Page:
Rood Screen said...

Since there's no obligation to assist at Mass on Ash Wednesday, I see no problem with a reverent imposition of ashes in a simpler manner, provided it is clearly a liturgical ritual and not a frivolous exercise.

As for those attracted to Ash Wednesday rituals but lacking a spirit of conversion, patience is required. At the same time, we don't want the children of such souls to think that the way their parents practice the Holy Faith is legitimate.

By the way, I offered an Ash Wednesday Imposition of Ashes and Mass according to the E.F., and only one person came. I didn't even have altar servers. So much for that.

Anonymous said...

How long will it be before one of these watered down protestant ecclesiastical communities offers home delivery of an ashes kit. This way no one needs to bother going to church or to find one of these "ashes to go" ministers. Heck, let's take it a step further and do this with communion wafers. These would come in two varieties, consecrated and unconsecrated for those self-designated priests and priestesses who want to do the consecrating themselves. After all, we are all priests, prophets and kings right?

Fr. Allan J. McDonald said...

It already has happened! Some tV ministries mail a sinle prepackaged communion wafer with a tiny plastic cup of grape juice for this purpose. I learned this from one of my very old and eccentric shut ins who showed me the stock they had ordered and when they watched EWTN's daily Mass they used the wafer and grape juice at communion time! I was flbergasted but then thought this was a form of a spiritual communion using a sacramental. Odd but true!

Rood Screen said...

Fr. McDonald,

That sounds to me more like simulation of the sacraments than any sort of pious exercise, although I'm sure they didn't intend to do anything wrong. Sacramentals are defined by both canon law and the Catechism as blessings, exorcisms and liturgical objects, so I don't think even good intentions would qualify this as a sacramental. You should have just given him or her a bottle of wine and a loaf of bread! Perhaps a bottle of mead, since this person was eccentric!

Fr. Allan J. McDonald said...

Certainly it is a simulation of a sacrament, but certainly not intentional on the part of this eccentric (perhaps with a bit of dementia) elderly shut-in. I don't believe one can make a spiritual communion at a television Mass, especially if the Mass is pre-recoreded as are the afternoon and nightly EWTN Masses.

But there was no point in arguing and at least they were praying along the Mass. That, even if the Mass is pre-recorded, is something and I'm glad our homebound have this televised resource and use it.

On another post a few years ago I showed a picture of this communion package as I asked the shut-in if I could have one. I'll try to search for it on my site and reproduce it.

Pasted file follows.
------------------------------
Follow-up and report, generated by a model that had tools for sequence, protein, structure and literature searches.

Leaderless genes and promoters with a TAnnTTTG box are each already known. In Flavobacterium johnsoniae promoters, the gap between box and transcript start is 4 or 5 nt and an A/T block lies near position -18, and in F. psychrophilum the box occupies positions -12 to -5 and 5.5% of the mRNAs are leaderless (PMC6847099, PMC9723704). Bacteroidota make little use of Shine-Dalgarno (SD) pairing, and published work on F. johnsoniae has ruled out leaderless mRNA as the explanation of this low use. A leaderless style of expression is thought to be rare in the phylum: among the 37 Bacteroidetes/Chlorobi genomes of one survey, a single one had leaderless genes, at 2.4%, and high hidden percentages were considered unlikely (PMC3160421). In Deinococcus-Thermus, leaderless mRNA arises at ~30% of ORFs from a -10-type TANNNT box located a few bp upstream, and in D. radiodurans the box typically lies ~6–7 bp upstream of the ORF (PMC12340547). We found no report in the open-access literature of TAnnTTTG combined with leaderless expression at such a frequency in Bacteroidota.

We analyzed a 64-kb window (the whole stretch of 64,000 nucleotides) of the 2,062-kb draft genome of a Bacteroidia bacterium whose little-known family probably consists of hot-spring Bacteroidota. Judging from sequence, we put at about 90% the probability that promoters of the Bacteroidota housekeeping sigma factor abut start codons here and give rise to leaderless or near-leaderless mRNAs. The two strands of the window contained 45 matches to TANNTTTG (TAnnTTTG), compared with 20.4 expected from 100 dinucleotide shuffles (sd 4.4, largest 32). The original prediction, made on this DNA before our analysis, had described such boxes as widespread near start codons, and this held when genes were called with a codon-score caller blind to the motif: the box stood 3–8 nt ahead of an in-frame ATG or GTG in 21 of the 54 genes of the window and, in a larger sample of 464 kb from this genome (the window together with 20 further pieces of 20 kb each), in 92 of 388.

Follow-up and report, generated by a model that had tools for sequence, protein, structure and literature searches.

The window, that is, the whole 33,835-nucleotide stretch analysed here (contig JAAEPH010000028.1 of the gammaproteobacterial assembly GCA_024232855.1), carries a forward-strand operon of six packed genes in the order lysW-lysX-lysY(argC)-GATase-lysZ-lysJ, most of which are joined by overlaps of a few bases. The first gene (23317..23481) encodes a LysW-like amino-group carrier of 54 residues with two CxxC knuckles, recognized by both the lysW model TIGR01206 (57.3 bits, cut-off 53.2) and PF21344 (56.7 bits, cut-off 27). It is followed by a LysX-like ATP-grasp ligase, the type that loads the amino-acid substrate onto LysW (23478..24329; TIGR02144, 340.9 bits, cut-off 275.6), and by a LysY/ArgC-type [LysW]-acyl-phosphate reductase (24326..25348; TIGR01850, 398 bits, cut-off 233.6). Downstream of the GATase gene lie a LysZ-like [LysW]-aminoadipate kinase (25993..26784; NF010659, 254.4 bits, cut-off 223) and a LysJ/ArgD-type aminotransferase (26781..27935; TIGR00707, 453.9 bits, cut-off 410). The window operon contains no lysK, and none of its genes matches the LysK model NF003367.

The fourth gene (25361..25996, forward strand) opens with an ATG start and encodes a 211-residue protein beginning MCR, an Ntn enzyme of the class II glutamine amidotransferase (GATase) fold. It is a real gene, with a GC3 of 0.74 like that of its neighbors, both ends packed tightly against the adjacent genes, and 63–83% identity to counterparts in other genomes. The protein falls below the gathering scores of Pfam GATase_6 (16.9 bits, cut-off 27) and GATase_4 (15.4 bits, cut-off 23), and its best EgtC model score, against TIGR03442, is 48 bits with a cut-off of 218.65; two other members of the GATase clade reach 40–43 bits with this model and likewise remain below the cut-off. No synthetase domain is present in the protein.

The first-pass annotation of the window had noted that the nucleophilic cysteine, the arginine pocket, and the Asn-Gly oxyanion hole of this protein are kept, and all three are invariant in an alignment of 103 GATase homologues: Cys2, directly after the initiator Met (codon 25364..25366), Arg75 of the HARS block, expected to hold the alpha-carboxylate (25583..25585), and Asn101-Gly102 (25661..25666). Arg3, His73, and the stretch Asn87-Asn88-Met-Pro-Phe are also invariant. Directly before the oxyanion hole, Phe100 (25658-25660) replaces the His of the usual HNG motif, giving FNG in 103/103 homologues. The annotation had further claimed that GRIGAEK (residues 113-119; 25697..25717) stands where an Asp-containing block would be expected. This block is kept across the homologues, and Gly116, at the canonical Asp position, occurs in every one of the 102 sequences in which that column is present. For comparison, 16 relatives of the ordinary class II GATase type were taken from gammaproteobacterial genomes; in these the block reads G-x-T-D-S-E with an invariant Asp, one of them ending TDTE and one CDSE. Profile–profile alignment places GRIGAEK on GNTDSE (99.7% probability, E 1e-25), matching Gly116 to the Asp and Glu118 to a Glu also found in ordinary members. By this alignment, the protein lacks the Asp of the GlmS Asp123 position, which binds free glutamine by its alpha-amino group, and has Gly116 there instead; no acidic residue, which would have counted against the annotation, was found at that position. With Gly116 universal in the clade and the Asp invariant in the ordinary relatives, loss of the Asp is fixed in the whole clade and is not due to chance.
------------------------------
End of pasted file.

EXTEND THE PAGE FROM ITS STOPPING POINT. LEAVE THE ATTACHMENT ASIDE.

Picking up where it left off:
Fr. Allan J. McDonald said...

I found a link for what my homebound eccentric had ordered. Look at the options of how to use this and evidently some protestant churches use it for their communion services and give the congregant the sanitary pre-packed wafer and grape juice.

I'm a germaphobe and the sanitary part of this appeals to me!!!!!

Anonymous said...

"I don't believe one can make a spiritual communion at a television Mass"

I doubt whether this statement is correct. Not many devotions have a more ancient and venerable tradition--recommended by authorities from St. Thomas Aquinas through Pope John Paul II--than the practice of spiritual communion either entirely outside of Mass (e.g., in a location where Mass is not accessible) or at Mass when one can cannot receive sacramentally.

Specifically, I recall reading an article by a very orthodox priest who stated that the graces thereby received by spiritual communion can equal (or in some cases even exceed) those received from the actual Sacrament by someone who is physically present. (Though, of course, the actual Sacrament itself is inherently greater, our disposition toward the Sacrament can greatly affect the extent to which we actually receive its fruits in our soul.) and a recent news story told of a priest in Mexico (of whose orthodoxy I have no information) recommended spiritual communion while viewing televised Mass, indeed participation (e.g., kneeling at the consecration, etc) as though physically present.

Anonymous said...

By the way, in addition to the graces received from spiritual communion at any time or place--whether or not in connection with televised or actual Mass--the Enchiridion (Handbook of Indulgences) specifies that "an Act of Spiritual Communion, according to any pious formula" [e.g., the well-known one of St. Alphonse Liguori] "is enriched with a partial indulgence."

While I might not generally recommend Wikipedia as an authoritative spiritual source, its concise article on Spiritual Communion seems pretty good: